I just don't understand it. It's painful to me. I can't relate very well to people of my own ethnicity--the culture just doesn't fit my... Show More
Most Helpful Girl
It's a bit of a psychological/sociological thing- people naturally form groups in society and are more disposed to socialize with the members of their own groups and be wary of non-members. Ethnicity and race are some arbitrary groups we've created, but arbitrary or not we all see them as real divisions, so it makes them important to our psychology when choosing friends and partners.
However, it doesn't have to stay that way- usually with exposure to the other group, groups become more familiar and less polarized, so you might find more like-minded people in a larger city where ethnicty is blended together on the streets, in stores, schools, workplaces etc.
But, from my own experience growing up in a rural area where there were few other ethnicities, you can get past it anywhere. My high school literally had this break down of ethnic diversity: 4 Chinese people, 3 Lebanese people, 3 black people and the rest was caucasion. These people didn't form little groups around their ethnicities or a sub group of non-caucasions, they all became part of different groups based on other divisions in high school (athlete, scholar, band, student council etc.) One of my best friends from high school is an ethnic minority, but I don't usually see her like that- I see her as Ally because that's who she is.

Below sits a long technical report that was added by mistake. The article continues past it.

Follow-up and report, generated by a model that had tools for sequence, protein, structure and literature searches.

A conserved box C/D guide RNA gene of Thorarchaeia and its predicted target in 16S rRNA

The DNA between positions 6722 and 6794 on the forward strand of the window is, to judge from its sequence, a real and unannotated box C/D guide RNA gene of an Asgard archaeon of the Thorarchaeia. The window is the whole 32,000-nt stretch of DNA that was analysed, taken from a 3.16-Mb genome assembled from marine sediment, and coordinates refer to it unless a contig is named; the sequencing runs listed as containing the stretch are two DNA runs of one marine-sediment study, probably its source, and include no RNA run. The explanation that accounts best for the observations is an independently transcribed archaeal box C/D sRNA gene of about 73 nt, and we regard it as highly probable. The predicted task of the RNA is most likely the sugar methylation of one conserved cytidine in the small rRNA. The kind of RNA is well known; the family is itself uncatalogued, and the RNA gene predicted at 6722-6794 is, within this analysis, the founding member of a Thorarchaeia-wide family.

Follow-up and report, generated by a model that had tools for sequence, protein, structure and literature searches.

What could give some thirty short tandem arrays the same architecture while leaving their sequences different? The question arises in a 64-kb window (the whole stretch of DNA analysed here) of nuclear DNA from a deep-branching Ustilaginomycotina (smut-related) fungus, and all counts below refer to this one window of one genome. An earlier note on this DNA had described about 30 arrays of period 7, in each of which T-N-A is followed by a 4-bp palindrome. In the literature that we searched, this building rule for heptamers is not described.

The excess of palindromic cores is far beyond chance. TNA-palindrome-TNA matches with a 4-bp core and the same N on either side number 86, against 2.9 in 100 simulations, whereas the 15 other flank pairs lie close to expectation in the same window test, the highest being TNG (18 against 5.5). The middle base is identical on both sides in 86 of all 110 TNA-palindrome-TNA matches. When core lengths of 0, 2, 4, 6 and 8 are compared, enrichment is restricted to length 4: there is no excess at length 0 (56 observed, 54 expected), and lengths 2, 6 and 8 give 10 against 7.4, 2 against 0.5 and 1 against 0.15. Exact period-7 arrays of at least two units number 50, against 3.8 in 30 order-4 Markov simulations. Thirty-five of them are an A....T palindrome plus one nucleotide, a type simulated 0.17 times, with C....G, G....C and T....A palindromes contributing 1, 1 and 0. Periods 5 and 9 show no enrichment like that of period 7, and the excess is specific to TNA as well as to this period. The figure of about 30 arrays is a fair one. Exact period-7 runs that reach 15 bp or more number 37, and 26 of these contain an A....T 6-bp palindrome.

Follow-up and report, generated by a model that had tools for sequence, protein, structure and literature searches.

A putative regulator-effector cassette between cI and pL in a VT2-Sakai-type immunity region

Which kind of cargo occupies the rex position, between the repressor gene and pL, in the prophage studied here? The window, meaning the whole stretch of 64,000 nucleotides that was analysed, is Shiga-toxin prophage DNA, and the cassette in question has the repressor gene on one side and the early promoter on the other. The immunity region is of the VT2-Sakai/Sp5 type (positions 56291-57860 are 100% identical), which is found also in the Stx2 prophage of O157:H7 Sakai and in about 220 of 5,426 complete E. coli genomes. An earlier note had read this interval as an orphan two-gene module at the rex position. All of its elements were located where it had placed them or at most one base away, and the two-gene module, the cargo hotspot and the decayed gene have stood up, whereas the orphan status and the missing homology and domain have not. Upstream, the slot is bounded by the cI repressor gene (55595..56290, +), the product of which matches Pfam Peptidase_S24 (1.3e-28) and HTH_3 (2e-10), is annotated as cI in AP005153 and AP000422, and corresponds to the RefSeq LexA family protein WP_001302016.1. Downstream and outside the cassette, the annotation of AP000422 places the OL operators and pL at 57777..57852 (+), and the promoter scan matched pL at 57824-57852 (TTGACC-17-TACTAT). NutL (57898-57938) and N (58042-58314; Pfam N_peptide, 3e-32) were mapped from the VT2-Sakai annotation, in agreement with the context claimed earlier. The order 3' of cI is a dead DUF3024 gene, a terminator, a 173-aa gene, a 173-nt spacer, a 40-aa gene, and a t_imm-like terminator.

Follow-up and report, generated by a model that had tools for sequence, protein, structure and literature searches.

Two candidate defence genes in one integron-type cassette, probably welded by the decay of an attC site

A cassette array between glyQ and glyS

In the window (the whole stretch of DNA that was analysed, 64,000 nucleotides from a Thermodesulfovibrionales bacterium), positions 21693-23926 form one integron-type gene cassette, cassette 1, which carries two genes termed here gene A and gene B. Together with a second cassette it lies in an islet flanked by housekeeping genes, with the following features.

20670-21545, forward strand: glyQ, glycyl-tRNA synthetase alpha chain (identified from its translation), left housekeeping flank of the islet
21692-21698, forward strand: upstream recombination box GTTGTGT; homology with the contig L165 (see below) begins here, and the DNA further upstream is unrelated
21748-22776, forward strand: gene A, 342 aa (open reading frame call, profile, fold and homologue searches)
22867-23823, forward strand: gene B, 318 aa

It's nice to see you like to relate to people on an individual level, I think the best way to do it is approach them on an individual basis- you have a class with someone you think is cool or you work with a really nice person, talk to them and get to know them, build a friendship with them and don't worry so much about their ethnic "group". Just because they relate to their own culture doesn't mean they're closed to people of other cultures.Asker upvoted